“There’s a saying: ‘rolling a turd in glitter’ and that’s exactly what Shane Jones is offering” says Climate Justice Taranaki spokesperson Emily Bailey. “This second round of unsustainable Think Big technology is not proven and even if it was it will be ridiculously expensive and still require fracked gas that is estimated to run out in ten years time. Who in their right mind would invest in such a project?”.

The project has been touted by the US based 8 Rivers Capital LLC. According to their website, the company has developed technology to generate power from fossil fuels, apparently without air emissions, the only by-products being ‘water’ and “pipeline-ready” or “carbon capture-ready” carbon dioxide.

“Based on our research, carbon capture and storage (CCS) has not been effective or economically viable anywhere, despite decades of talks and trials. One project in the US captures about one tenth of the CO2 emitted from a coal-fired power station and pipes it 80 miles to an oil field to be injected into old wells to produce more oil. The term ‘clean coal’ is simply oxymoron – how can one say CCS is clean or sustainable when it fuels yet more fossil fuel mining?”

“To use the waste to produce more urea for industrial farming is also ludicrous given it is one of the planet’s worst greenhouse gas emitting chemicals and a serious soil and waterway pollutant. It’d be a monumentally disastrous project, one that would take us to a disastrous future – climate breakdown. We do not accept ‘blue hydrogen’ made from fossil fuels involving carbon capture and storage as clean either – it is yet another oxymoron.”

“Never before have our prominent scientists united and spoke against consumerism and economic growth so loudly, we have got to listen and ask ourselves what sort of a future we want? Taranaki was much better off before big oil and gas brought centralised milk production stations, synthetic fertiliser and trucks, ships, mechanisation and megadebts to farming. The younger generations are already firing ahead with community-scale regenerative and urban farming projects that offer far better quality of life for workers and massively reduce emissions, waste and pollution. Alongside renewable energy and energy efficient infrastructure this just makes sense.”

“There is a huge push from society for real solutions, just look at the massive protests in London this week and the numerous petitions pushing for going plastic-free and banning urea, deep-sea oil and fracking. More of the same gives us more of the same. It’s time to focus on existing, proven sustainable projects rather than expensive, massively flawed pies in the sky” said Emily Bailey of Climate Justice Taranaki.

Cartoon: https://www.chemistryworld.com/opinion/the-carbon-capture-challenge/9069.article

Media coverage: Environmentalist critical of Taranaki’s proposed $1b hydrogen project, TDN 23/11/2018


Press release: Petroleum companies under pressure

08/10/2018

protest-outside-todd-2oct18-kc.jpg

The pressure is building against oil, gas and coal companies in Aotearoa who continue to push for fossil fuel extraction with increasing community calls to curb climate change. Protesters will be gathering outside Todd Energy, Beach Energy and OMV tomorrow Tuesday 9 October. Read the rest of this entry »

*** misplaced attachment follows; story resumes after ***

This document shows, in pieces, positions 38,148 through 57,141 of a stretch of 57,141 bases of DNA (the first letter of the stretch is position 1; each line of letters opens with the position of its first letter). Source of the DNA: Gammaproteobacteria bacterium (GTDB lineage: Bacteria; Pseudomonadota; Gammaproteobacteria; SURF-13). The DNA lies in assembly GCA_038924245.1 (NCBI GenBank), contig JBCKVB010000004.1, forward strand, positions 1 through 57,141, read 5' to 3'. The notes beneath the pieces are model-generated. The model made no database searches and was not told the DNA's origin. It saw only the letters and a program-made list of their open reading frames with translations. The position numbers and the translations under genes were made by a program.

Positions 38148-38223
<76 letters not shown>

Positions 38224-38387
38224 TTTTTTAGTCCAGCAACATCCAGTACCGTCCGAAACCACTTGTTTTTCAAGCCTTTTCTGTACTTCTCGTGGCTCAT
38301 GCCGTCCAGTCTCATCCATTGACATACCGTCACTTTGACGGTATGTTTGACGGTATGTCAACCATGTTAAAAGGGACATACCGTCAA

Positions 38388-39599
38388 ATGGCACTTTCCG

Government’s ludicrous petroleum proposal

22/09/2016
nzpam-proposed-block-offer-sep16-taranaki-basin-all

NZPAM website, 21 September 2016

The New Zealand government has just proposed to release half a million square kilometres of our land and sea to petroleum exploration.

The Taranaki Basin offer encompassed a third of the West Coast Marine Mammal Sanctuary, designated for the protection of the nearly extinct Maui’s Dolphin. The government says this has been re-introduced due to commercial interest in the area”.

So rather than upholding New Zealand’s international obligation to protect endangered species and the Paris Agreement on Climate Change, the government does what corporations want – providing a stable and predictable regime”.   Read the rest of this entry »


Taranaki Daily News opinion poll 4/5/2013

04/05/2013

Taranaki Daily News opinion poll 4/5/2013

The message is surprisingly clear as tides are turning in Texanaki… In an ironic statement from our regional council, Director of environmental quality Gary Bedford said the council was concerned its submissions [on proposed government regulations around deepsea drilling in the Exclusive Economic Zone] hadn’t been incorporated. “In our experience self-regulation can fall over. It increases the possibility that if something goes wrong, it goes wrong bigger.” What hypocrisy from a government department that has been operating like this for decades. Read more here.

Read also ‘Black gold, dark clouds’ 4/05/2013 written by Matt Rilkoff for the Taranaki Daily News…”Ben Sarten stepped inside the Tikorangi house he was raised in, closed the door and wondered where he was. ‘This doesn’t feel like home anymore.'”

And ‘One more well is too much’ 24/04/2013

 


MEDIA COVERAGE: Drew Hutton Lock the Gate NZ Speaking Tour

23/08/2012

Fighting Fracking – Resisting oil’s hard sale (NZ Farmers Weekly, 10 Sept 2012)

Lessons to be learned from Aussie farmers (Stratford Press, 6 Sept 2012)

Best coal under best land (NZ Farmers Weekly, 3 Sept 2012)

Gas exploration will hurt farm values, says campaigner (The Southland Times, 30 Aug 2012)

Close your gates, Aussie urges farmers (Taranaki Daily News, 29 Aug 2012)

Campaigner urges NZ to not follow Australia (3 News,29 Aug 2012)

Australian anti-fracking campaigner talks to NZ farmers – Interview with Drew Hutton and Rosalind Archer by Kathryne Ryan (NZ Radio Nine to Noon, 23 Aug 2012)

Fracking in New Zealand – the debate continues (NZ Listener, 18 Aug 2012)